The Tatras are a mountain range of a corrugated nature, originating from the Alpine orogeny, and therefore characterized by a relatively young-looking lay of the land, quite similar to the landscape of the Alps, although significantly smaller. It is the highest mountain range within the Carpathians.
It consists of the internal mountain chains of:
- Eastern Tatras (Východné Tatry, Tatry Wschodnie), which in turn consist of:
- Western Tatras (Slovak: Západné Tatry, Polish: Tatry Zachodnie)
The overall nature of the Tatras, together with their easy accessibility, makes them a favorite with tourists and researchers. Therefore, these mountains are a popular winter sports area, with resorts such as Poprad and the town Vysoké Tatry (The Town of High Tatras) in Slovakia created in 1999, including former separate resorts: Štrbské Pleso, Starý Smokovec, and Tatranská Lomnica or Zakopane, called also "winter capital of Poland". The High Tatras, with their 24 (or 25) peaks exceeding 2,500 m above sea level, together with the Southern Carpathians, represent the only form of alpine landscape in the entire 1,200 kilometres (746 miles) length of arc of the Carpathians.
Ownership and border disputes
By the end of the First Polish Republic, the border with the Kingdom of Hungary in the Tatras was not exactly defined. The Tatras became an unoccupied borderland. On 20 November 1770, under the guise of protection against the epidemic of plague in the Podolia, an Austrian army entered into Polish land and formed a cordon sanitaire, seizing Sądecczyzna, Spiš and Podhale. Two years later, the First Partition of Poland allocated the lands to Austria. In 1824, Zakopane region and area around Morskie Oko were purchased from the authorities of the Austrian Empire by a Hungarian Emanuel Homolacs. When Austria-Hungary was formed in 1867, the Tatra Mountains have become a natural border between the two states of the dual monarchy, but the border itself still has not been exactly determined. In 1889, a Polish Count Władysław Zamoyski purchased at auction the Zakopane region along with the area around Morskie Oko. Due to numerous disputes over land ownership in the late 19th century, attempts were made at the delimitation of the border. They were fruitless until 1897, and the case went to an international court which determined on 13 September 1902 the exact course of the Austro-Hungarian border in the disputed area.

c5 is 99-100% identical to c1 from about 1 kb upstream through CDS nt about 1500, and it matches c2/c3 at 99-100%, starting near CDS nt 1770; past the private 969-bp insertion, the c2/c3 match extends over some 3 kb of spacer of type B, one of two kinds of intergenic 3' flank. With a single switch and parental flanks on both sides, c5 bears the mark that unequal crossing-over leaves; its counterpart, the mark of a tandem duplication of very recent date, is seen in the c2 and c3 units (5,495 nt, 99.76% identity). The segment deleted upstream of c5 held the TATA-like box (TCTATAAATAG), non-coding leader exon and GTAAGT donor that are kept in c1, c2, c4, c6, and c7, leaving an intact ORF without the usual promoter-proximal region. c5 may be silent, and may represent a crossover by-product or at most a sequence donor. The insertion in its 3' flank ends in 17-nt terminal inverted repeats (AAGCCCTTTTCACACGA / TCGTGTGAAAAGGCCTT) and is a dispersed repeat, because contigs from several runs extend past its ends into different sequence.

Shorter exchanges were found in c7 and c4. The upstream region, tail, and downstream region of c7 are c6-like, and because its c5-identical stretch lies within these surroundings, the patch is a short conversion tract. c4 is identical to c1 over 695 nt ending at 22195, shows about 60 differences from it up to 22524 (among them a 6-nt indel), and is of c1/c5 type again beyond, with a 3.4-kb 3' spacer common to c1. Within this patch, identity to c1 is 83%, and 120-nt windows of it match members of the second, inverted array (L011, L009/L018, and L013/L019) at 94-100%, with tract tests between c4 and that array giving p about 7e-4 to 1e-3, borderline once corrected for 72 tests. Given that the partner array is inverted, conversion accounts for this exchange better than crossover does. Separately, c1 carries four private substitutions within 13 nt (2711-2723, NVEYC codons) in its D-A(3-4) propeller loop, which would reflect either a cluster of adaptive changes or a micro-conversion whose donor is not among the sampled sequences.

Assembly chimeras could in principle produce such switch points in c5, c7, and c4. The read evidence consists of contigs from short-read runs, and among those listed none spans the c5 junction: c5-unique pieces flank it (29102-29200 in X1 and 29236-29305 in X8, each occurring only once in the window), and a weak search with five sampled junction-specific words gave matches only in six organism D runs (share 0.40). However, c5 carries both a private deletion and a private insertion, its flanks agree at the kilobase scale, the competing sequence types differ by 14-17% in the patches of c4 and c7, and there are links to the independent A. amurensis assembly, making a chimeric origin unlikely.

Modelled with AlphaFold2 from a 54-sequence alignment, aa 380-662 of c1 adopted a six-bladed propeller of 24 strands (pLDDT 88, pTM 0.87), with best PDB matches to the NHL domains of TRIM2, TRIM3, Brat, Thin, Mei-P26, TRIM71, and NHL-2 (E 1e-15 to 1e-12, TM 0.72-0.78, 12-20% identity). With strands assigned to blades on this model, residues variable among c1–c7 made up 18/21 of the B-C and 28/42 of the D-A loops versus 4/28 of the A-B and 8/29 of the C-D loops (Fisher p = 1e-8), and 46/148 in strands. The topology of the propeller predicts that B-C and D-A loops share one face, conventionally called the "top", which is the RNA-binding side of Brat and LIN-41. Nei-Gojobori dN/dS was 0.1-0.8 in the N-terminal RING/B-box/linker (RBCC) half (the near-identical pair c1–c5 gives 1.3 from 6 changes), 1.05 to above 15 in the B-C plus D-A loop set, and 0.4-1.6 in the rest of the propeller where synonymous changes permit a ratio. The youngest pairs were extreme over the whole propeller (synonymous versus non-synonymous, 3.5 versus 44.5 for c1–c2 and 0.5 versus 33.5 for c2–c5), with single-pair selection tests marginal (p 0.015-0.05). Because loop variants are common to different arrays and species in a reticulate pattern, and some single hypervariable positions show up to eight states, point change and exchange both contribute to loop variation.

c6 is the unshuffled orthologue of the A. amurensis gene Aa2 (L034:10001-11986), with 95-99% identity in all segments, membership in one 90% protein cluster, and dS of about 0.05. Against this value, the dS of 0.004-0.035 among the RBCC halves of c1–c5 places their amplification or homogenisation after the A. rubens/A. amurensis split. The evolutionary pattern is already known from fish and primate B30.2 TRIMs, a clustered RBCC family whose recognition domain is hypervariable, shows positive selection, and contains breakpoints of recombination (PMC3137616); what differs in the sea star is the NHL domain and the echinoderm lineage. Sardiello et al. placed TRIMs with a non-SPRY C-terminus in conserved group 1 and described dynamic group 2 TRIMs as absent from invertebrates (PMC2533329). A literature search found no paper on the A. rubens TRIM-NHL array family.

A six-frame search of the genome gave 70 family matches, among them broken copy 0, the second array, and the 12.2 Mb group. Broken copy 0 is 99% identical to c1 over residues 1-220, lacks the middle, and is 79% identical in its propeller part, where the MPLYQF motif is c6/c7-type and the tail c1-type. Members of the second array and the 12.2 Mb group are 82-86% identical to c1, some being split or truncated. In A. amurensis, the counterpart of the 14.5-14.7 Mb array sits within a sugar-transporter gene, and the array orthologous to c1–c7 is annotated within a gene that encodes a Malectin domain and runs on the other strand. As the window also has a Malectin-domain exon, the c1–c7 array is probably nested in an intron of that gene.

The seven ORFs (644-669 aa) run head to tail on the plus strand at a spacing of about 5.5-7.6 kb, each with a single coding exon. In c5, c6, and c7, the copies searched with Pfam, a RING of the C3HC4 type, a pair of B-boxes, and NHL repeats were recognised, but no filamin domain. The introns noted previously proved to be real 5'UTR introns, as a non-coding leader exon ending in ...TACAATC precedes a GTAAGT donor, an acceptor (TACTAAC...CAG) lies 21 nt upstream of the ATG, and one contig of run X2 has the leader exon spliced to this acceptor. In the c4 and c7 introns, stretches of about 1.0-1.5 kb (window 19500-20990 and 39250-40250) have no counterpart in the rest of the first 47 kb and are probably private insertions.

A new round of border disputes between Poland and Czechoslovakia started immediately after the end of the First World War, when these two countries were established. Among other claims, Poland claimed ownership of a large part of the Spiš region. This claim also included additional parts of the Tatra Mountains. After several years of border conflicts, the first treaty (facilitated by the League of Nations) was signed in 1925, with Poland receiving a small northernmost part of the Spiš region, immediately outside (to the north-east of) the Tatra Mountains, thus not changing the border in the mountains themselves. During the Second World War there were multiple attempts by both sides of the conflict to occupy more land, but the final treaty signed in 1958 (valid until present day) preserved the border line agreed in 1925.
Borders and hiking